Overall, the AOC CQ27G2 27" has excellent uniformity. There are some noticeable dark patches throughout the display, and the sides are a bit darker, but it's not very noticeable with regular content. Near-dark scenes have much better uniformity, with no noticeable issues. Note that uniformity varies a bit between units, so your results may vary from ours.
Unfortunately, the AOC CQ27G2 that we tested has bad black uniformity. There's noticeable flashlighting along the top and bottom bezel, and it can be distracting if you're in a dark room. This varies between units, though, so let us know if you get one with better black uniformity than ours.
Out of the box, the AOC CQ27G2 has great accuracy. There are no noticeable issues in shades of gray, and most colors are displayed accurately. Gamma is almost flat, close to 2.2 instead of following the sRGB target curve, so some scenes are darker than they should be.
After calibration, the AOC CQ27G2 is extremely accurate. There are no noticeable issues with the white balance, gamma follows the target curve almost perfectly, and most colors are displayed accurately, except for pure blue, which is significantly undersaturated.
You can download our ICC profile calibration here. This is provided for reference only and shouldn't be used, as the calibration values vary per individual unit even for the same model, due to manufacturing tolerances.
Excellent SDR color gamut, with essentially perfect coverage of the sRGB color space used by most content. It also has great coverage of the Adobe RGB color space often used for professional photo editing.
Outstanding SDR Color Volume. It can display dark, saturated colors thanks to the high contrast ratio, and most colors are as bright as pure white. Unfortunately, pure blues aren't very bright, but this is pretty common for LCDs.
This monitor doesn't support HDR.
This monitor doesn't support HDR.
There are no signs of temporary image retention on our unit, but this can vary between units.
Great gradient handling, almost identical to the AOC CQ27G1. There's noticeable 8-bit banding in darker shades, but this shouldn't be an issue for most people.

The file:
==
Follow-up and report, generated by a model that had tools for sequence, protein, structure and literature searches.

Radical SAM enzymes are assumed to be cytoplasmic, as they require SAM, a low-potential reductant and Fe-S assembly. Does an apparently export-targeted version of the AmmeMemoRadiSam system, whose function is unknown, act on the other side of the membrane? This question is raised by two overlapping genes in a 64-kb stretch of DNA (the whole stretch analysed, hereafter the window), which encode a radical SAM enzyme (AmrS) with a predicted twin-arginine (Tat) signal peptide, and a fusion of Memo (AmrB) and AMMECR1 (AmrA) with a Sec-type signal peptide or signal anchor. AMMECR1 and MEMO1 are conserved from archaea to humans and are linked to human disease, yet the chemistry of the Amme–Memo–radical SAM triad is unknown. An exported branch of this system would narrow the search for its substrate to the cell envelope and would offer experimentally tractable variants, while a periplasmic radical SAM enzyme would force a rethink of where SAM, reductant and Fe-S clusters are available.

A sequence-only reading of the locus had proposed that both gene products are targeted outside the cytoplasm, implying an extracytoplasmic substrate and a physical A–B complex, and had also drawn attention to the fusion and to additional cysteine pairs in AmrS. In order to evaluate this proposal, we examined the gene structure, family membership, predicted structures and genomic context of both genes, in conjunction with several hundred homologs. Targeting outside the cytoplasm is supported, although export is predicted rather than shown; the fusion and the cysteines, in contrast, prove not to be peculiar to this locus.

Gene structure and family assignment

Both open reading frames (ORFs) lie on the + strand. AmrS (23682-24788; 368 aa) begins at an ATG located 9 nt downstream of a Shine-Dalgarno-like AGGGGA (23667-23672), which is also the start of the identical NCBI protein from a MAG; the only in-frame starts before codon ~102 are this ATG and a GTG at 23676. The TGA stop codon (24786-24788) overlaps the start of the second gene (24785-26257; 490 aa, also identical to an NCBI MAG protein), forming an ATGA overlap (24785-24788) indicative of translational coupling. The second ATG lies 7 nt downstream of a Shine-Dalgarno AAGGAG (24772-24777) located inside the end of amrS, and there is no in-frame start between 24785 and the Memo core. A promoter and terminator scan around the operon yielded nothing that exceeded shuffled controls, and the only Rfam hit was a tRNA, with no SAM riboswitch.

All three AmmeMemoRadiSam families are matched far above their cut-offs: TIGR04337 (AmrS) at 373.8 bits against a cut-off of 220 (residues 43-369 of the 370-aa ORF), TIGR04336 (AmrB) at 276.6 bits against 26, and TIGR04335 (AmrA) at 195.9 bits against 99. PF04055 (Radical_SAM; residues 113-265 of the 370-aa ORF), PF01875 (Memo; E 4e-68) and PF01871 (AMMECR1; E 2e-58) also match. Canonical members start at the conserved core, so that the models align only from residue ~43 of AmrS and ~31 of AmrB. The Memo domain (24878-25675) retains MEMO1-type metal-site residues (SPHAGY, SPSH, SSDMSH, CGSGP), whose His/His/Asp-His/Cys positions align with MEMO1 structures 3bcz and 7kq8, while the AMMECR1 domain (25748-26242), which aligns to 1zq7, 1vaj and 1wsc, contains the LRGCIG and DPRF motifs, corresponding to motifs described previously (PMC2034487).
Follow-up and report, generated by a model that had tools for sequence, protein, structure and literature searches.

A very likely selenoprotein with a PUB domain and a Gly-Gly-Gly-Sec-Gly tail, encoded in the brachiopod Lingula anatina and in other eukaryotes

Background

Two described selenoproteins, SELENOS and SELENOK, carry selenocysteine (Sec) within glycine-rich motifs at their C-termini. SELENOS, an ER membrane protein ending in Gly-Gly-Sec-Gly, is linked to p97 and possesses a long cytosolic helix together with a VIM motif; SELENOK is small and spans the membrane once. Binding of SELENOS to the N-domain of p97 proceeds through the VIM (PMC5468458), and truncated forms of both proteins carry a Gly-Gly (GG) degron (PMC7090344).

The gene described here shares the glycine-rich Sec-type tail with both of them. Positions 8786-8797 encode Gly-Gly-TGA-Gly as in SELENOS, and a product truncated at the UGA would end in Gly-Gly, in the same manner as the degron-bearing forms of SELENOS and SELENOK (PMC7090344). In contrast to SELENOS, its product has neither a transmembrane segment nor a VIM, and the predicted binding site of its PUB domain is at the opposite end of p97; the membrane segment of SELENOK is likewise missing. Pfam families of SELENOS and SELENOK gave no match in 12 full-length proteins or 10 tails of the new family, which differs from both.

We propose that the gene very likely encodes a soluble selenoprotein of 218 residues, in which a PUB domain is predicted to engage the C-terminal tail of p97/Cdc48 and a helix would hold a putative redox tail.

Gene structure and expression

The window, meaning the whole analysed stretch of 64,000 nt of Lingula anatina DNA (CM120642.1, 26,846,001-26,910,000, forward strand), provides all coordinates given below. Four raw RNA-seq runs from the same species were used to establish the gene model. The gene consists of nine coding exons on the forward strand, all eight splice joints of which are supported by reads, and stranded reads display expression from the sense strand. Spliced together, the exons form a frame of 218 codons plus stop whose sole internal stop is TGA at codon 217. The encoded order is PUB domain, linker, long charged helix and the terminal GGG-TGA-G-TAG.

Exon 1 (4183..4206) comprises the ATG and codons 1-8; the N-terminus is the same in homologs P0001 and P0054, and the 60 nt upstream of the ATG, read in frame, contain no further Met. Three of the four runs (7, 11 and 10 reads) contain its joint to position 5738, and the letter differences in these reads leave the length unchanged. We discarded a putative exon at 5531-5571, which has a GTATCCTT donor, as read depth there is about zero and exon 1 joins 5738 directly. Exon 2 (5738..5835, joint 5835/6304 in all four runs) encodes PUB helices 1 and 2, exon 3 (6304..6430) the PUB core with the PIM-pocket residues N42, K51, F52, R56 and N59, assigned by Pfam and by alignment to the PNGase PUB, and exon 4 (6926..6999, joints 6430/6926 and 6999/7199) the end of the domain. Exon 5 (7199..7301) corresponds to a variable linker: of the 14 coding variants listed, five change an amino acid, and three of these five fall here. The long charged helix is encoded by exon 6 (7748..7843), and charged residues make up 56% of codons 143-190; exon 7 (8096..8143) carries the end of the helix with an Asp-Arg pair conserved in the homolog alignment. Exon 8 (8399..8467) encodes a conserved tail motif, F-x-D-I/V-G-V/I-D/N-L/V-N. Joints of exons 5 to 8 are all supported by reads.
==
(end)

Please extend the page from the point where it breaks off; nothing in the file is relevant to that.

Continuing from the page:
There are no noticeable signs of color bleed.
Decent reflection handling, good enough for most rooms.
Good text clarity, better than the AOC CQ27G1. It's recommended to run the ClearType tuner in Windows, as diagonal or curved lines are noticeably clearer, as seen in the top photo.
|Overdrive Setting||Response Time Chart||Response Time Tables||Motion Blur Photo|
Great response time at the max refresh rate. There's some overshoot in a few transitions, and dark scene transitions are significantly slower, causing noticeable motion smearing in dark scenes. This can be seen in the dark lines to the left of our logo in the pursuit camera photo. The level of overdrive can be adjusted, but there's very little difference between them, so we recommend the highest setting, 'Strong'.
|Overdrive Setting||Response Time Chart||Response Time Tables||Motion Blur Photo|
The 60Hz response time is decent. Like at the max refresh rate, there's very little difference between the overdrive settings, and 'Strong' is still the best. There's significant overshoot in dark scenes, causing noticeable motion smearing in dark scenes, which is somewhat common for VA panels.
The backlight is completely flicker-free at all brightness levels.
The AOC CQ27G2 has a decent black frame insertion feature. BFI can be activated through the "Boost" overdrive setting, or by adjusting the MBR setting. Our measurements and photos were taken with the "Boost" setting, which appears to be either a specially tuned BFI mode, or a combination of overdrive and BFI. Increasing the MBR setting decreases the amount of time each frame is visible on the screen, causing the apparent brightness to decrease, but improving the appearance of motion.
The 144Hz refresh rate is excellent for gaming and desktop use. It's FreeSync certified, and although it's not officially certified by NVIDIA, we could enable G-SYNC compatible mode when connected to our RTX 2070 Super over DisplayPort.
Outstanding low input lag, even for console gamers at 60Hz. As there are two BFI modes: Boost and MBR, we measured both. The posted results are with the Boost mode; with the MBR mode at 20, we measured 5.5ms of input lag.
The 27", 1440p screen delivers a sharp image that should please most people, and doesn't require a top of the line graphics card to achieve decent frame rates when gaming.
There are a few extra features on the AOC CQ27G2:
The AOC CQ27G2 has the same control scheme as the older AOC CQ27G1, but they've changed the buttons a bit.
We tested the 27 inch AOC CQ27G2, which replaces the AOC CQ27G1, which we've also tested. There are similar 144Hz models available from AOC, some of which are listed below. In Europe, the CQ27G2U is the equivalent model. It appears to have the same hardware, but the stand is entirely black.
If someone comes across a different type of panel or if their CQ27G2 doesn't correspond to our review, please let us know and we'll update the review. Note that some tests such as gray uniformity may vary between units.
You can see the label for our unit here.
The AOC CQ27G2 is a great gaming monitor overall, but not quite as good as some of the other 144Hz gaming monitors we've tested, including the Samsung CHG70.